Atreyu's Lead Sails Paper Anchor is a decent album. The problem? It would be a much more consistent and stronger one if producer John Feldmann had settled on one sound -- slick or raw -- because it can't be both. (For the record, the rougher moments on the album do give Atreyu more vitality.) It isn't even a case of different songs having different production values, which would have made for a difficult, but ultimately forgivable, listen. Instead, these switches in sound occur multiple times, often in the same song. It's noticeable right from the beginning with opening number "Doomsday." During the verses, guitarists Dan Jacobs and Travis Miguel crunch away while Alex Varkatzas' raspy vocals add texture and grit, but as soon as the chorus hits, the sound abruptly becomes slick and restrained. It's not on the part of the musicians, either -- it's very obviously a recording effect. It's a trend that is repeated throughout Lead Sails Paper Anchor, reining in Atreyu's hard and heavy sound to the album's detriment. By holding the band back, the album never achieves any sort of critical mass. Fortunately, Lead Sails Paper Anchor isn't a bland effort, and this helps to compensate somewhat, even if some of the songs seem a little out of place. ("Falling Down," which sounds a little too punk-pop for this collection, is a prime example.) "Lose It" is a particularly intriguing number, beginning with layered and distorted guitars before bursting into a brief flurry of heavy riffs. This, in turn, gives way to haunted verses, a rough, aggressive chorus, and an eerie bridge section featuring echoing harmonies and hand claps. "Blow" is another highlight, though for completely different reasons -- the big, juicy guitar riffs, a singalong (though hardly family-friendly) chorus, and a healthy dose of cowbell all add up for a rousing, arena-ready showstopper. Both are unencumbered by the restraining effects placed on most of the other pieces, giving a glimpse of what this album could have been. Fans may have to wait for a live album or a concert ticket to hear what Atreyu are really capable of doing with this material. ~ Katherine Fulton, Rovi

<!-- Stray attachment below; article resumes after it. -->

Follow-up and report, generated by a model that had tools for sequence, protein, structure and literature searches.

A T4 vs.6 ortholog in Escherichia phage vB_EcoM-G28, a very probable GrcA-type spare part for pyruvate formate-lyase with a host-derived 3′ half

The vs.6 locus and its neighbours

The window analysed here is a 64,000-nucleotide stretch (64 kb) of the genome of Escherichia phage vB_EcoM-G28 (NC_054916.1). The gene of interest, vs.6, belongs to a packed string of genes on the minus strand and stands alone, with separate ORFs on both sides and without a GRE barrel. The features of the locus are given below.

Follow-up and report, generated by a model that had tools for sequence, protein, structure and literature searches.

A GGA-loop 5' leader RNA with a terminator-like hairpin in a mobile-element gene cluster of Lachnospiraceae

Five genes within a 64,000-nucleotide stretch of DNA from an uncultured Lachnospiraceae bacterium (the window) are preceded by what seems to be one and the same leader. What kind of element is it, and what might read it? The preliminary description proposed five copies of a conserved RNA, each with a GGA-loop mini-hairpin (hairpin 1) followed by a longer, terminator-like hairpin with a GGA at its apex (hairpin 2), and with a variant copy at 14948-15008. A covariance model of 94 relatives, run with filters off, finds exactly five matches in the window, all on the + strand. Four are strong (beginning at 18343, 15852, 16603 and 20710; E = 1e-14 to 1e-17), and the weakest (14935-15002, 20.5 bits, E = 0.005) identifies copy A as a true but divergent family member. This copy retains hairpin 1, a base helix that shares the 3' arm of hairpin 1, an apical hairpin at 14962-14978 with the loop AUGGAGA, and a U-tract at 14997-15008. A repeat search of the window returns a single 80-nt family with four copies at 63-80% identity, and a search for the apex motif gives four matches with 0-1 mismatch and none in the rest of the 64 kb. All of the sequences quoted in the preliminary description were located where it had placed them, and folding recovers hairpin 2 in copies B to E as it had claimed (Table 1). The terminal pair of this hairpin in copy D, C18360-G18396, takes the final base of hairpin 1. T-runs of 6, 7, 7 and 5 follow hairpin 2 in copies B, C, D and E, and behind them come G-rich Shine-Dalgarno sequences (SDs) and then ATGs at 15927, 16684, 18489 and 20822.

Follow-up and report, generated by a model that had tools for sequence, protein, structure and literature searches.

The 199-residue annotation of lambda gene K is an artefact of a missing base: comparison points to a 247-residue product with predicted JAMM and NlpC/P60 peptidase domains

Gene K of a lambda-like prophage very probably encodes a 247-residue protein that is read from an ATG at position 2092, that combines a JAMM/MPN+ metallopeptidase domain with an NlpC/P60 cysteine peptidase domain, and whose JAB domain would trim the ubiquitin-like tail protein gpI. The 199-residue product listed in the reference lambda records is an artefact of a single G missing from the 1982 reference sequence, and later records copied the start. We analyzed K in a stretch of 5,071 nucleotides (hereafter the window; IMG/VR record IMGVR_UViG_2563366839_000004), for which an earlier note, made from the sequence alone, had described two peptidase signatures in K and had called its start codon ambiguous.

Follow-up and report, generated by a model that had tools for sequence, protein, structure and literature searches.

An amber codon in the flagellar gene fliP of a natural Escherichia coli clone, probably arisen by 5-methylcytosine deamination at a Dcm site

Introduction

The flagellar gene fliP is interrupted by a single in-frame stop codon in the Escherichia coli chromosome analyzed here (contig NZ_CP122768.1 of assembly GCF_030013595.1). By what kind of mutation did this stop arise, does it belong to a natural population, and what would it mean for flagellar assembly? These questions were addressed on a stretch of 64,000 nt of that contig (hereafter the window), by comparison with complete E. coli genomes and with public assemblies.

Atreyu's acerbic approach to metalcore -- merging Alex Varkatzas' caustic gutturals and Brandon Saller's melodic underpinnings with thrashing hardcore and continuous double-bass shots to the gut -- rocketed the guys straight to the top of the underground scene. The genre may have quickly become saturated, but Atreyu managed to remain a head above the crowd. So it made sense when ultimately, in 2006, the Orange County crew inked a deal with Hollywood Records, thus aligning forces for their imminent takeover of the moshing masses. As if right on cue, The Best of Atreyu has arrived via Victory Records to help easily orient those unfamiliar with the black clad quintet, while also assisting fans who have long since worn out their copies of the band's prior albums. This 18-song set draws pretty equally from the three full-lengths released up until 2006, arranging the songs chronologically starting with cuts from 2002's highly acclaimed Suicide Notes and Butterfly Kisses. As a result of the track order, discerning ears can enjoy the progression of the band's metallic sound, starting with the exhilarating romantic angst of "Lip Gloss and Black" all the way through the meditative and more tuneful air of "The Theft." And of course, ears will be steamrolled multiple times over in between with memorable tracks a plenty like "Living Each Day Like You're Already Dead," "Ain't Love Grand," "Right Side of the Bed," "The Crimson" and "Creature." Not everyone's favorite song is going to be represented here, but as purely an Atreyu starter kit, this best-of collection serves as an excellent overview. Plus, the album comes with a bonus DVD of six of their music videos to enjoy. Soak it all up now, and later you can claim you knew them when. [Also included in the package is a sampler of upcoming Victory Records artists, whose music videos are also on the DVD.] ~ Corey Apar, Rovi